THE WORK ON DISPLAY AT CHAUMONT-SUR-LOIRE IS A SPECIAL COMMISSION FROM THE CENTRE REGION (2011-2013)
The 72 panes of stained glass, which have been specially created for the Château de Chaumont-sur-Loire by Sarkis, establish a dialogue with those that are already there in the building.
They use light to evoke the life and history of the place. By bringing together images which are fundamental for Sarkis, in some ways they constitute his imaginative museum.
Sarkis conceives this journey of light as an initiatory mental pathway through which visitors create their own story. He places his stained glass in front of each window on the first and second floor of the Château's south wing. These panels of light, revealing images of life and death, love and architecture, fix past histories and future visions in the present moment. Sarkis confronts images of ancient techniques, for instance a photograph of a mosaic, with an image evoking modernity. Sarkis is creating this new work in two stages.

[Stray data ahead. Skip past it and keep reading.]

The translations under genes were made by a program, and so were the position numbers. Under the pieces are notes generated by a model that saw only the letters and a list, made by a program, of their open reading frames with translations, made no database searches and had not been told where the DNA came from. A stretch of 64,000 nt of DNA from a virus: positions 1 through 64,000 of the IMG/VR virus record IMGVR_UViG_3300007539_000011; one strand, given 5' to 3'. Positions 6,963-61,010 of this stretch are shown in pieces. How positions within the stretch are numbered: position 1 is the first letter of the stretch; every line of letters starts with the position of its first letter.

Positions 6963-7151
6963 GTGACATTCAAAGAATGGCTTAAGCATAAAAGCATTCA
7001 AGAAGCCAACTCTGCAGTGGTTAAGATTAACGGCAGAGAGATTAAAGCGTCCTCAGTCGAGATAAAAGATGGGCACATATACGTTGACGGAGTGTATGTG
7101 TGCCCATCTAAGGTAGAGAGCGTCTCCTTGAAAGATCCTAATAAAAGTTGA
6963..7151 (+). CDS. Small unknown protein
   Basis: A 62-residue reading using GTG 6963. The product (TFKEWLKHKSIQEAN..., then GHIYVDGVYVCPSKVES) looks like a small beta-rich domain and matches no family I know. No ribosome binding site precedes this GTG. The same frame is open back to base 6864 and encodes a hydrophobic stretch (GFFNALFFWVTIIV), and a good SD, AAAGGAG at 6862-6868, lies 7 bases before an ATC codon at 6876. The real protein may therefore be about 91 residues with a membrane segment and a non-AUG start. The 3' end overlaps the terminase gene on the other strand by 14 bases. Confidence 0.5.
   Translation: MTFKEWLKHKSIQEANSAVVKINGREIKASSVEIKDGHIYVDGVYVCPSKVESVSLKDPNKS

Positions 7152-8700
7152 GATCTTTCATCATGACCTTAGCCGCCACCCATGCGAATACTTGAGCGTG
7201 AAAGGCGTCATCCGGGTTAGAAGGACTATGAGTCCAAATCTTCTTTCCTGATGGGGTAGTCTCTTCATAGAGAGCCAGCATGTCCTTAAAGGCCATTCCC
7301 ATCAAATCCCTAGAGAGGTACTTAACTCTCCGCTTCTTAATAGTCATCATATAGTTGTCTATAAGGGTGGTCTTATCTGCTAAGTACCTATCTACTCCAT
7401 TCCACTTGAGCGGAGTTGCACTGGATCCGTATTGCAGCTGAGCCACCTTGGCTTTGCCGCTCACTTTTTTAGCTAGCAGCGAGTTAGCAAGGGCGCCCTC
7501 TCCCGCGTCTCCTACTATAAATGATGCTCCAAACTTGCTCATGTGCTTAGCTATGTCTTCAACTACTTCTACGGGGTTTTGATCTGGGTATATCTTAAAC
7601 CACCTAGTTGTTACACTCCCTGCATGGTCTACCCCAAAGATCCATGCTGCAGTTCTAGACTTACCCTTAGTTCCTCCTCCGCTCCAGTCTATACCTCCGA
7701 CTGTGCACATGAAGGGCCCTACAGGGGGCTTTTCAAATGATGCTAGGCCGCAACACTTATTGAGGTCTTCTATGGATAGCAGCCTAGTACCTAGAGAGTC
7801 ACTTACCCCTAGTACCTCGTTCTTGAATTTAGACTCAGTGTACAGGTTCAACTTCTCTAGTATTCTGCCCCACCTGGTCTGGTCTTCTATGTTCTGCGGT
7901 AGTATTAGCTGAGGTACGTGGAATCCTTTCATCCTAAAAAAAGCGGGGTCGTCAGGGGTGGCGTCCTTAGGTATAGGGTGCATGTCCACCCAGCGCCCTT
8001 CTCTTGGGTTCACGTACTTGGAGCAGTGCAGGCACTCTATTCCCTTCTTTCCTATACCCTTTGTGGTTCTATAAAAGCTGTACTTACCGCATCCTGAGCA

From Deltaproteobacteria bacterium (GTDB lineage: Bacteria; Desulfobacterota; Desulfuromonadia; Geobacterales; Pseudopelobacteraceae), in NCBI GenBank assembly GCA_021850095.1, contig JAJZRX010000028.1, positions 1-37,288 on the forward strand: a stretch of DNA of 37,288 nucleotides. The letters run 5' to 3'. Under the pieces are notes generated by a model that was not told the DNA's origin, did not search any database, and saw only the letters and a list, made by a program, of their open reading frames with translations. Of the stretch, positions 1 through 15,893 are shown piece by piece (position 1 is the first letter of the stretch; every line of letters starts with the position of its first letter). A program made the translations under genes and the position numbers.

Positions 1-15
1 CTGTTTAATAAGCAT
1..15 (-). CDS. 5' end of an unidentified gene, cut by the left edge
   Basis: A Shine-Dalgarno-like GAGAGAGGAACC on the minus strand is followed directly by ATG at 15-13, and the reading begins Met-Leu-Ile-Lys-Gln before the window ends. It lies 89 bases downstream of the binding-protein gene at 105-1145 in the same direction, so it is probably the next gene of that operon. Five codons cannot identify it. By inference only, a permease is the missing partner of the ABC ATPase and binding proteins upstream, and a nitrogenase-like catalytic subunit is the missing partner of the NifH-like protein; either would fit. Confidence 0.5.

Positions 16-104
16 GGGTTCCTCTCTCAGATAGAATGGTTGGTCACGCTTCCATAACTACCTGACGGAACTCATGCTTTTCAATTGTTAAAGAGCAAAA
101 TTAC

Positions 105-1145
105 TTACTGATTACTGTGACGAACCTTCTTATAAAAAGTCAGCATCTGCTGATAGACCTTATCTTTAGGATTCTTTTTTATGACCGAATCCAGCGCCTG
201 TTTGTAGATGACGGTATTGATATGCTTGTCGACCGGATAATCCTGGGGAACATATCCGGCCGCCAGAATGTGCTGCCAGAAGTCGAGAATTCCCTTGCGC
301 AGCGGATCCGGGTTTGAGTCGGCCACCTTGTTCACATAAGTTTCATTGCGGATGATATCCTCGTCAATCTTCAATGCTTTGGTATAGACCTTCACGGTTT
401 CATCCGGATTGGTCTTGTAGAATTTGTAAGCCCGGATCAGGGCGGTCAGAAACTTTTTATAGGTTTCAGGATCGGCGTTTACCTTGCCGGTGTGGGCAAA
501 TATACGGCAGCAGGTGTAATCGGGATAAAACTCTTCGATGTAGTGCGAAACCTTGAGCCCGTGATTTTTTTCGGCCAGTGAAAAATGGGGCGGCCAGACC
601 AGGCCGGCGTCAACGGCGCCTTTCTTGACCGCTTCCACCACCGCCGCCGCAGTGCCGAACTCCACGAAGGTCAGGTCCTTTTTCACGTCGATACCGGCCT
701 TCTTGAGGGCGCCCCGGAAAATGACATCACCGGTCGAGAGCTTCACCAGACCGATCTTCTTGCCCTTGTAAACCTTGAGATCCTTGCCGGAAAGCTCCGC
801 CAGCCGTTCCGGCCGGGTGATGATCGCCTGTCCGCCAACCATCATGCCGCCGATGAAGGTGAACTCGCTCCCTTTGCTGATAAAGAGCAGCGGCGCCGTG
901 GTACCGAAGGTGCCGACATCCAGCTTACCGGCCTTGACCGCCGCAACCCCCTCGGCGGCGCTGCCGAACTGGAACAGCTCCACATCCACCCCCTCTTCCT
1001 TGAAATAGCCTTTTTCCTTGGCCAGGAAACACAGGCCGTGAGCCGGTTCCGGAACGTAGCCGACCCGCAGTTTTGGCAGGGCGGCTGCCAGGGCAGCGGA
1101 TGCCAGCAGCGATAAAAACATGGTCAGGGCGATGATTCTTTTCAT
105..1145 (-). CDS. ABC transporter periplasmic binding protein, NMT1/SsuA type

In 2011, 40 panes of stained glass are being designed and installed in front of the windows of the south wing.
In 2012, 32 panes of stained glass will take their place in the Château's kitchens and basements.
"Rooms almost in ruins in a marvellous Château: this is the contrast which struck me on my first visit.
It had been snowing. There were hardly any visitors. There was a certain melancholy feel in almost all the rooms, both those open to the public and those that were closed to them.
We had started the tour of the Château with the rooms that are well fitted out and open to the public. Then, we had gone on through rooms almost in ruins and closed to visitors, where abandoned objects awaited us. The walls breathed time, the past. The rooms had not been heated for decades – I remember going up to a small window and looking out; the snowy landscape seemed as if it had been fixed for a really long time under a changing light. Fixed images which would change with the light, these later transformed, giving birth to the idea of stained glass.